Review: Office 2010 Technical Preview -- no 'wow,' just solid improvements

Now in Technical Preview, Office 2010 introduces a number of welcome features, particularly in Outlook and PowerPoint.

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new animation features in PowerPoint 2010

New animation features in PowerPoint 2010.

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In addition to video features, animations have been significantly improved in PowerPoint 2010. There are now far more animations to choose from, and it's easier to use them via the Ribbon.

You can also more easily edit your animations with a custom animation feature. And there's a nifty "Animation Painter" that lets you take any animation that you've selected or created, and apply that animation across multiple slides, without having to do it manually for each slide.

As with Word, you can add screenshots to presentations with the new screenshot tool. There are some other nice additions, including new slide transitions and additional SmartArt graphics and themes, but the basics of PowerPoint remain the same.

Highlights from other apps

The Microsoft Office family comprises more than Outlook, Word, Excel and PowerPoint, even if the other members of the family are not as well known. We won't cover every change to every family member, only the most important ones.

The desktop publishing app Microsoft Publisher can now handle type in a more sophisticated way, with the same tools given to Microsoft Word for handling ligatures, small caps and other kinds of type. Templates can be more easily edited, and they can be shared with others from directly within Publisher.

Microsoft also hopes that with this version of Office, OneNote -- an application that keeps track of notes and other data in multiple formats -- will finally come into its own. I've been a OneNote user for several years, and believe that it's one of the great underused Office applications. OneNote users will be pleased that it's been powered up in some important ways.

The new Side Notes feature lets you write a note while using another Office application, and have that note automatically saved in OneNote. It's also now easier to capture information and copy it to OneNote, and navigation through notebooks has been improved. Searching for information in OneNote, which previously was not particularly useful, has been augmented as well: You can now specify whether to search on a page or in a section, section group, individual notebook or all notebooks.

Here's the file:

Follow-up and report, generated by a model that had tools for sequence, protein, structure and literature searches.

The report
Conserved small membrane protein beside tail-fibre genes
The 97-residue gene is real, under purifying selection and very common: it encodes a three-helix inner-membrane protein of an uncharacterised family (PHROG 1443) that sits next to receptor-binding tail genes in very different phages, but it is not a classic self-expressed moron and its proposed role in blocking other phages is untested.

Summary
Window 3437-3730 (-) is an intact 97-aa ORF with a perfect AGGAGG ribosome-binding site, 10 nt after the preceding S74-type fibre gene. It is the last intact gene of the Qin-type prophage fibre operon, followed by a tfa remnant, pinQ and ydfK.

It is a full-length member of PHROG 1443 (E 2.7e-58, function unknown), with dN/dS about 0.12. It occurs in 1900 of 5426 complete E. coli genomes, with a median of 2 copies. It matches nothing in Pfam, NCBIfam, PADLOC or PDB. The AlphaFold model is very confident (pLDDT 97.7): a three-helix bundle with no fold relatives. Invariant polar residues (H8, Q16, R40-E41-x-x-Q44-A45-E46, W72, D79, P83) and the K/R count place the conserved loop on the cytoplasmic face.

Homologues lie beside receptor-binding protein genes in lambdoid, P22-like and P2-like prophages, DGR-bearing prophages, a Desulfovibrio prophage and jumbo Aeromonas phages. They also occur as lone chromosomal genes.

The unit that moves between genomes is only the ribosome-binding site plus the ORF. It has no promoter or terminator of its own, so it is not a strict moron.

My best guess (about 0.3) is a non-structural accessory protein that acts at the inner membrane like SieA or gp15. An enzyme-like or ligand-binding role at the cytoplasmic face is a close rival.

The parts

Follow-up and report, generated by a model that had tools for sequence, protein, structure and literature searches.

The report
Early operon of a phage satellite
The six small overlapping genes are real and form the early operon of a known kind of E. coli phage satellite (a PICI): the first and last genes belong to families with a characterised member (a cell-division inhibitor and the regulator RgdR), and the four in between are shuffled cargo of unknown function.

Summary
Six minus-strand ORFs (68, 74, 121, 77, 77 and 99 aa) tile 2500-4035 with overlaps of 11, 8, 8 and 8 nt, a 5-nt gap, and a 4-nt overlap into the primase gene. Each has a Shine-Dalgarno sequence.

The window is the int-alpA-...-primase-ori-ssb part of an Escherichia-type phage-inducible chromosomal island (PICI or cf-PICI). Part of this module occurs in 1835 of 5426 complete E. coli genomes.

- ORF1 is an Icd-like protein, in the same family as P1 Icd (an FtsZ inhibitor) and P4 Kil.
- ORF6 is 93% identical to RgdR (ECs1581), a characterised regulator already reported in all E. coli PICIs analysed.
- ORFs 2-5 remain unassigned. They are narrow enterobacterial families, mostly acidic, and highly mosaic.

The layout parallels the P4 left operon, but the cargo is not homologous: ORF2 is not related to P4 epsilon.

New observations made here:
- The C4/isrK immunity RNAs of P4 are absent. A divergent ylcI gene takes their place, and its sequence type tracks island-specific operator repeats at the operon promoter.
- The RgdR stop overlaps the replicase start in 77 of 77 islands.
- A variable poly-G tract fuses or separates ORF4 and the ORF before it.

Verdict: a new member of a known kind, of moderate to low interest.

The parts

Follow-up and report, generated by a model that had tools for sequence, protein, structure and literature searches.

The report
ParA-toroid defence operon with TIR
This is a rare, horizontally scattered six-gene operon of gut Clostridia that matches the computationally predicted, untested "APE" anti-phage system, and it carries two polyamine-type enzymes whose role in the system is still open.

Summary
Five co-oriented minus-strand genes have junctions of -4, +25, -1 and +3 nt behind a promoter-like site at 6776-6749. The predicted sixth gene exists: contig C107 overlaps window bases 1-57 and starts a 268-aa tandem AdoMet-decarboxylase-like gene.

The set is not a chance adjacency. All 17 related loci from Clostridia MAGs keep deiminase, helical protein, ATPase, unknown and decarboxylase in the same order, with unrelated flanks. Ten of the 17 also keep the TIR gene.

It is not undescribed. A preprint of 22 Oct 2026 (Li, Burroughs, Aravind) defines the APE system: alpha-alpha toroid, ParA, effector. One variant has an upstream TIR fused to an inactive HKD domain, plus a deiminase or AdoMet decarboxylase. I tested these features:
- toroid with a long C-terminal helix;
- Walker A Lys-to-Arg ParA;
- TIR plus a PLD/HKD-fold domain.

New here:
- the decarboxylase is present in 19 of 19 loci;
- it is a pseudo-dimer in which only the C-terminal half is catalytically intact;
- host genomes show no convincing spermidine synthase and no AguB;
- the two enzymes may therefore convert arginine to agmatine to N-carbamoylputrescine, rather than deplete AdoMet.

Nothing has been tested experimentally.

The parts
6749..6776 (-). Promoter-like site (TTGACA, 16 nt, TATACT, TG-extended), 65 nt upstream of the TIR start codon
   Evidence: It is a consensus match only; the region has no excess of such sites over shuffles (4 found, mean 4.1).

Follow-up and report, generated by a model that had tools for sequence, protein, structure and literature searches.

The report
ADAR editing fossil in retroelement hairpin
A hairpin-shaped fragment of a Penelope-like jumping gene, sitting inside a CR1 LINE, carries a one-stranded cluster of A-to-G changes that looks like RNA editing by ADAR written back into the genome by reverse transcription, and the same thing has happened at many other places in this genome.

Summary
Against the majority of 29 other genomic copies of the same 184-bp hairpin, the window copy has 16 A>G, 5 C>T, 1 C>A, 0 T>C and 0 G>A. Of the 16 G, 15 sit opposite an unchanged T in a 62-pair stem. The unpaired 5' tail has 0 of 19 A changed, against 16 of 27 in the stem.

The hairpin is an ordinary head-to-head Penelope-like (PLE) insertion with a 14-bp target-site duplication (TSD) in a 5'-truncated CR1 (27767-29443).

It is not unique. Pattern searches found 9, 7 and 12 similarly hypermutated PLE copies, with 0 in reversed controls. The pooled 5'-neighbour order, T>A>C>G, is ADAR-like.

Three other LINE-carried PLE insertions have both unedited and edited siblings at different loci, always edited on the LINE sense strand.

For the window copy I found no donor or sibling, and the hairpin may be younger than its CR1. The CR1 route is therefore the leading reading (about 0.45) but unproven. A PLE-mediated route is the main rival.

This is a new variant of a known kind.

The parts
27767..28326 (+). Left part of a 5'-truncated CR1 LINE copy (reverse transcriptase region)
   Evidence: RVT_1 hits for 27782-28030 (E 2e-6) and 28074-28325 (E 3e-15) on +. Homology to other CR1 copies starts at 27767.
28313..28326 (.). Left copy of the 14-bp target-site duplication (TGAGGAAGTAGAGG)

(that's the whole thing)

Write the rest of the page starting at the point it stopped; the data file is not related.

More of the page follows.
Office on the Web -- not yet

One of the biggest changes to Office isn't yet available in the Technical Preview -- the Web version of Office. With Google Docs finally making its way out of beta, and Google pushing it as a serious Office competitor, Web-based access to Office has taken on increased importance for Microsoft.

Details at this point are scarce, but there will be at least two kinds of Office access. For enterprises, the Web-based version of Office will run on top of SharePoint, and the rights to run Office in this way will be part of the license enterprises sign with Microsoft. Consumers will be able to get free access through Windows Live, using their Windows Live ID.

It's not clear at this point which Office features will be available via the Web and which won't, or how the consumer offering will differ from the enterprise version. Microsoft says that the Web versions will offer "lightweight editing" and "high-fidelity viewing," which clearly implies that the Web versions will be a subset of the full version, most likely lacking many advanced features. But we won't know what those features are until a later release.

In addition, there will be mobile versions of Office that will allow you to view documents on a smartphone or other mobile device, and copy and paste between applications. Outlook will run on mobile devices as well. That's all we know at this point; we'll have more details when they're available.

The bottom line

The most important change to Office 2010 -- Web-based access -- is not yet available, so it's difficult to make a judgment about the latest version of Office. Apart from that, this new version of Office adds some very useful new features such as video-editing tools in PowerPoint and much improved e-mail handling in Outlook. Global additions such as Paste Preview and the extension of the Ribbon to all Office apps are good ones as well.

So this version of Office might not wow you, but the improvements are solid ones. If you want to see the future of Office, this is well worth the download, although the usual caveats apply about not using it on a production machine. You'll find bugs here -- no surprise for a Technical Preview -- but you'll also likely welcome most of the changes.

Copyright © 2009 IDG Communications, Inc.

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